This summer we decided to get a farm share at a local CSA, Picadilly Farm. I am just LOVING it!
What is a farm share, you ask?
I had no idea these even existed until a few years ago! Basically, you purchase up front, a “share” of the harvest from a local farm, or CSA, Community Support Agriculture. Taking into account the associated risks, i.e., if a particular crop doesn’t do well, you accept that you might not get much of that fruit or vegetable. But reaping the benefits when it goes right! Picadilly Farm is organic, as most often are. They also provide boxes at several pick up locations and donate surplus to community services.
We opted to share our “share” with our friends Scott and Jennifer because we were worried we would be able to eat it all. We also went with the summer share which is just for the prime 12 weeks of the growing season. They also offer a full share which is 25 weeks from June through Thanksgiving. I hope we can do that one next year! They also offer a one time December share which we plan of doing this year.
Each week they offer three farm share pick up times, Saturday morning and Tuesday and Thursday afternoons. We choose to go on Saturday morning because Kevin sees Jennifer each Saturday and can pass long the yumminess! When we don’t have gymnastics or a bazillion things to do, I try and go with the kids as well. I want them to see where their food comes from and to try and inspire them to eat more variety then just mac and cheese! Honestly, it is just gosh darn fun! Connor loves to go with us and pick out the veggies for the week and occasionally helps us to pick too.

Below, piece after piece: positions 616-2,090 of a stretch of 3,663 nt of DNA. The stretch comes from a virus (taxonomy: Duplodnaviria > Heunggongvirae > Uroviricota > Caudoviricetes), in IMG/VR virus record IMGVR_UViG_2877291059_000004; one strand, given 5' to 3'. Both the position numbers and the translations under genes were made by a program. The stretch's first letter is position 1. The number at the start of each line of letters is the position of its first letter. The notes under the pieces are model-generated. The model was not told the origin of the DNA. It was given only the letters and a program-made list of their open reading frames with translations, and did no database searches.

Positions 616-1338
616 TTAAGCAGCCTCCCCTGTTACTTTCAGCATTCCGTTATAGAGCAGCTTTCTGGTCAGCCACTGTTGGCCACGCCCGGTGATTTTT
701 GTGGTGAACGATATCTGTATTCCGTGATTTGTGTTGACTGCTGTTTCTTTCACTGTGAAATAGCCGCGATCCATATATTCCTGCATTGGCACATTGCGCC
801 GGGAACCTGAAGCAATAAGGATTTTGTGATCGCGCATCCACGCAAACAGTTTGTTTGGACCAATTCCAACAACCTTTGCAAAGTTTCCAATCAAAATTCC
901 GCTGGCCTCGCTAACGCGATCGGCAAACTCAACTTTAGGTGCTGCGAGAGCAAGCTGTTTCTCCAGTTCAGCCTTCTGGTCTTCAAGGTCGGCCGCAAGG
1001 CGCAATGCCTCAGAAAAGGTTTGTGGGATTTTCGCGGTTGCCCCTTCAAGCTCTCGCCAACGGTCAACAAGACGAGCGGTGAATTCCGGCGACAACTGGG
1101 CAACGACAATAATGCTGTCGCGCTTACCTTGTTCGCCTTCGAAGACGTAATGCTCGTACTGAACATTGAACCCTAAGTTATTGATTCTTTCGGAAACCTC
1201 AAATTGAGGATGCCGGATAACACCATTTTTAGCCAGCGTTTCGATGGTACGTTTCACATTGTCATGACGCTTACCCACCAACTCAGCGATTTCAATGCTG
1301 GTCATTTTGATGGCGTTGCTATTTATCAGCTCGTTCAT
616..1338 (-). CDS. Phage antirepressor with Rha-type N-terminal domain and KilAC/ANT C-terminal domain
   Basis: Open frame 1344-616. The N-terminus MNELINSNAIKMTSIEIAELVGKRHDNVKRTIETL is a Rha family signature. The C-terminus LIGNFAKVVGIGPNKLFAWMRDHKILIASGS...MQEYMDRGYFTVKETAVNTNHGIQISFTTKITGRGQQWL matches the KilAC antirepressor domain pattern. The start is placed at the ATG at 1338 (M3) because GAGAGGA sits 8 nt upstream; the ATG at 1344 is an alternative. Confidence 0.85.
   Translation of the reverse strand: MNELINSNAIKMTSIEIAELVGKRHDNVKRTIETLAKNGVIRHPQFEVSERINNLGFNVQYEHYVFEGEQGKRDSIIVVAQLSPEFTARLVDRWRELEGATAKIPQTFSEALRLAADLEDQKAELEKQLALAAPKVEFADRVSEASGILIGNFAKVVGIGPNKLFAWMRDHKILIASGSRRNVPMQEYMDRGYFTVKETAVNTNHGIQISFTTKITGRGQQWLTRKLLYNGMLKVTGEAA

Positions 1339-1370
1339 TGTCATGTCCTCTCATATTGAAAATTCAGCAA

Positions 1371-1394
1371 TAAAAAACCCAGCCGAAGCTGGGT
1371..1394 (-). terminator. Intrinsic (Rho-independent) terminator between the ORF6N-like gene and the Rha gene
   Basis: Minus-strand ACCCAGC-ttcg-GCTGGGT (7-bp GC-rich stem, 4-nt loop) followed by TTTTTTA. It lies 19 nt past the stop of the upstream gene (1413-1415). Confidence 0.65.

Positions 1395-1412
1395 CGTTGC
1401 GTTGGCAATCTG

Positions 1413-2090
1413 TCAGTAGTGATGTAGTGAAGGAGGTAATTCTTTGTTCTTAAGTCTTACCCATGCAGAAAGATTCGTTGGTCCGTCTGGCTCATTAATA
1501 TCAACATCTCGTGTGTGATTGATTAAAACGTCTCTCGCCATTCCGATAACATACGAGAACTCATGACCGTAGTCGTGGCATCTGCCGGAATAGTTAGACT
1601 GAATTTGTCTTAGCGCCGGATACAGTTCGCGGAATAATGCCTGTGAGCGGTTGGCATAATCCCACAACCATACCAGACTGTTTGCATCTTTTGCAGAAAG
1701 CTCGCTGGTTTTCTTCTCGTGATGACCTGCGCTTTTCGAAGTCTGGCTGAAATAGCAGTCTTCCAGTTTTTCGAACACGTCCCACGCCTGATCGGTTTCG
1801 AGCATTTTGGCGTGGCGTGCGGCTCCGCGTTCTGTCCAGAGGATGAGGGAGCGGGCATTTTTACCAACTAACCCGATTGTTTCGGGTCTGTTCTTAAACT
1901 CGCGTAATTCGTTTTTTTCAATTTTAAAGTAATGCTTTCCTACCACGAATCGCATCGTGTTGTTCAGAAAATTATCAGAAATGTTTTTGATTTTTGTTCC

When you arrive, we first head to the barn and we get to choose 8 items for your farm share (four for us and four for Jennifer and Scott). There are chalk boards and signs every here letting you know what is what and how much is consider one item. It is like all cute and Pinteresty – except for real! Then we head out to the pick your own areas. Again, a big chalk board letting you know what is ready to pick and any specific directions on cutting.
Right next to the barn is a whole area of raised beds with a wide variety of herbs and edible flowers. My mom was always big into edible flowers. I am nervous that the kids will just start eating random flowers so we will skip that until they are a little older. Then you can head out to the field and pick whatever is ready. We had a great batch of sugar snap peas and fresh green beans. I am a bit of a green bean snip – I only like then fresh and preferably raw and still warm from the sun. Last, but the most fun – is a whole section of the field of just FLOWERS! It is awesome! My biggest challenge though is trying to do this with the kids. The fields are not exactly stroller friendly and trying to cut flowers with Amelia in the front pack is a heck of a lot more challenging that you think. Our kitchen is just full of flowers now!
Each week, the farm sends out great emails with information about what has been harvested, some descriptions for more unusual items and recipes. My favorite parts of the email are the farmer’s stories about what they have been doing on the farm, the weeding, the planting, the successes and woes. I just love it!